2. Leaders models ethical behaviors by setting clear ethical standards and using rewards and punishments to see that they are followed and frequently communicating with their followers about ethics;

  3. Ethics management practices exist, such as mandatory ethics training and the existence of a code of ethics; and

  4. The organization has an ethical climate, which results in informational and social cues push employees to resolve problems using rules or based on considerations of the well-being of others (as opposed to egoistic climates which are mainly concerned with self-interest).

The researchers surveyed lower level managers, supervisors and senior employees in public sector organizations in all four countries to learn whether the managers thought these criteria existed in their organization and whether they considered that their organization protected whistleblowers.

In all four countries, awareness of legal protections, ethical leadership behaviors and an ethical climate correlated with positive perceptions that whistleblowers would be appropriately protected by their organizations. The results were quite different, however, for mandatory ethics training and codes of conduct.

Only in the United States was the existence of mandatory ethics training linked to a positive perception of whistleblower protection. In none of the four countries did the existence of a code of conduct correlate with positive perceptions of whistleblower protections. In Taiwan, it was actually linked to a negative perception of protection against retaliation.

The study therefore provides useful insights for organizations like the United Nations that have whistleblower protection measures, but have not been able to convince their staff and stakeholders that these really provide protection. Training is an intervention often used in this context, but this new study highlights that limited training budgets are best invested in training senior leadership on ethical leadership techniques and modeling behaviors for their staff. Mandatory training for all staff has its uses, but will not convince staff that the organization will protect them from retaliation. Creating engaging awareness-raising campaigns and learning events for staff and managers about what protection measures exist and how they can be initiated, as the UN Ethics Office has started in 2023, can provide a much better return on investment.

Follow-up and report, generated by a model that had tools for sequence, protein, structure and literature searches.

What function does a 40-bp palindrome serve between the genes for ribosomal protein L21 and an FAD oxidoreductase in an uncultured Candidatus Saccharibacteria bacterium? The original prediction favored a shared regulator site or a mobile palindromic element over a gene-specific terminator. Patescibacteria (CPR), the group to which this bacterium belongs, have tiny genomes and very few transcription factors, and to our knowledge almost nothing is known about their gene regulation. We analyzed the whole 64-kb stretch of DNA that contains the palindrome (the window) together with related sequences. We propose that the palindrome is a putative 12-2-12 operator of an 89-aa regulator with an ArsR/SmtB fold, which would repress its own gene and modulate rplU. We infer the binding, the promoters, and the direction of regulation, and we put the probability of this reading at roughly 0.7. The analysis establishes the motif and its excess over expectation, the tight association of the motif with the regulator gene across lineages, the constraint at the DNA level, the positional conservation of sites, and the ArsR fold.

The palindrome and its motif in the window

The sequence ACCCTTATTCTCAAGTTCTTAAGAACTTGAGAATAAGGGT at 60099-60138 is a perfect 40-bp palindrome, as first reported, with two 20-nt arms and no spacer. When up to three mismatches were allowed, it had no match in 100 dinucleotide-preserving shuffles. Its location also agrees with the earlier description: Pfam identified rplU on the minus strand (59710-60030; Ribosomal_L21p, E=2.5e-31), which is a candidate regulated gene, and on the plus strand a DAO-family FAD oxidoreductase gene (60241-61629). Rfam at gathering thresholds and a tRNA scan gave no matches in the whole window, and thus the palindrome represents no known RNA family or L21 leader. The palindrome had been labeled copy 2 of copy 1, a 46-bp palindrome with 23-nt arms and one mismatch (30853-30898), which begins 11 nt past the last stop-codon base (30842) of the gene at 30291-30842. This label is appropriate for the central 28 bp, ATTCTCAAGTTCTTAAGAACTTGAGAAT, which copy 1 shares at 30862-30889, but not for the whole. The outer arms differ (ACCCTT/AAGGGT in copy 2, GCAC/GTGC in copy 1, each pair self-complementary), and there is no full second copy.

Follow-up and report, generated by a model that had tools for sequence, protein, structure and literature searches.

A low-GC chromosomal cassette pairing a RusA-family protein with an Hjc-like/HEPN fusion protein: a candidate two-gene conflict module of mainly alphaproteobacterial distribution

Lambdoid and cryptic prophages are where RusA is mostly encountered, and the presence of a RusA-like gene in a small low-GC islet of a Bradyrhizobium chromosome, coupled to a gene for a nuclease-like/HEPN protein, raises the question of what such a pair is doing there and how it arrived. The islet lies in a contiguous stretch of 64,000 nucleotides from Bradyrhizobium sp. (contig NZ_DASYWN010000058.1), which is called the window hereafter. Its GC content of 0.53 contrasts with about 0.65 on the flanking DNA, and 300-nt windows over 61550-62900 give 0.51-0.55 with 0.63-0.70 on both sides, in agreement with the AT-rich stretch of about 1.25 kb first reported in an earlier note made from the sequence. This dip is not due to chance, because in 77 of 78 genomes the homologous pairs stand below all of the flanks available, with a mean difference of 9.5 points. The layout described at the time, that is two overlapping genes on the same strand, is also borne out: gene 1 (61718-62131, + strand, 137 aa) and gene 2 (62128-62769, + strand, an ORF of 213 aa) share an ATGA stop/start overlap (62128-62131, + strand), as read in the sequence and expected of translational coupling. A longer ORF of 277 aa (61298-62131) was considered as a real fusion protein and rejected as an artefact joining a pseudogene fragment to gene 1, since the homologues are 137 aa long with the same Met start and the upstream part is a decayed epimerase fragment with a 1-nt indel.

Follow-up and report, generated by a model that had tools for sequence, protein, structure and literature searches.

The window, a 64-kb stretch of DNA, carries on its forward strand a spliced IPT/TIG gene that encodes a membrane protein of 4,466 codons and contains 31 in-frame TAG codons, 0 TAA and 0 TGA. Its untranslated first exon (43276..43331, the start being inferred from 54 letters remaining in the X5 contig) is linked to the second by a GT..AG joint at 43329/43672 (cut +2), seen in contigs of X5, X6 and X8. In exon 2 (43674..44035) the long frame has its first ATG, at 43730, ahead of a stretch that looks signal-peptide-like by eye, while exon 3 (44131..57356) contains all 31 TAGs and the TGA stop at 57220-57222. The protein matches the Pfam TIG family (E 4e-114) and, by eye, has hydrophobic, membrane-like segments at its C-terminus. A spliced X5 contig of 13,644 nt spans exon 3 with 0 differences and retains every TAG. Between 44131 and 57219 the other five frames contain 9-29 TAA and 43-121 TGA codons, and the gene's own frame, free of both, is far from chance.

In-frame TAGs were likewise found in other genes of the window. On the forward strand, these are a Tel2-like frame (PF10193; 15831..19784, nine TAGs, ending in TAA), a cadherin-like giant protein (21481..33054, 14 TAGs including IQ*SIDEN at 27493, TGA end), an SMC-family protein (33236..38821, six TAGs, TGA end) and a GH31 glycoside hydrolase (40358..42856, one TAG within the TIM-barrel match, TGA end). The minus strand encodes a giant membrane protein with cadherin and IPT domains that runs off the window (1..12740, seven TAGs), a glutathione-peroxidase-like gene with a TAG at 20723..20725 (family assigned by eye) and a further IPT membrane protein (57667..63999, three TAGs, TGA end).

Questions to consider

For those involved in, or awaiting the outcome of the Fifth Committee discussions on the administration of justice in the UN, we suggest the following questions to consider:

  1. Are levels of awareness about protection from retaliation amongst staff being measured? What is the current level of awareness?

  2. How many staff and non-staff employees have participated in awareness-raising events about protection from retaliation?

  3. How does UN leadership training cover ethical leadership behaviors? What tools are provided to support leaders in modeling ethical leadership and discussing ethical issues with their teams?

  4. How are leaders made aware of measures to protect staff from retaliation and who has the delegated authority to initiate temporary or permanent measures?


Key Meeting of UN Governance Mechanisms this week

  • The WFP Executive Board holds its second regular session of 2023 from 13-16 November. The session is focused primarily on management issues, incl. WFP's Management Plan (unique in the UN system) and country programme evaluations.

  • UNESCO's General Conference continues this week. In addition to substantive issues, the General Conference will consider and approve the budget for 2024-2025 and is also expected to approve UNESCO's new Human Resources Strategy. Last week's spotlight outlined what member states priorities are for the Strategy and their impact on the Strategy's ability to improve human resources management at UNESCO.

  • UNICEF's Executive Board allows member states to comment on the draft Country Programme Documents that the Board will consider at its first regular session of 2024 (6-9 February 2024). The commenting period is from 14 November to 4 December 2023.

  • The Fifth Committee continues consideration of the 2024 proposed programme and budget, and consideration of the various construction projects this week. Consequently, the consideration of the reports of the Administration of Justice system of the United Nations, which was scheduled for Friday has been postponed until 21 November.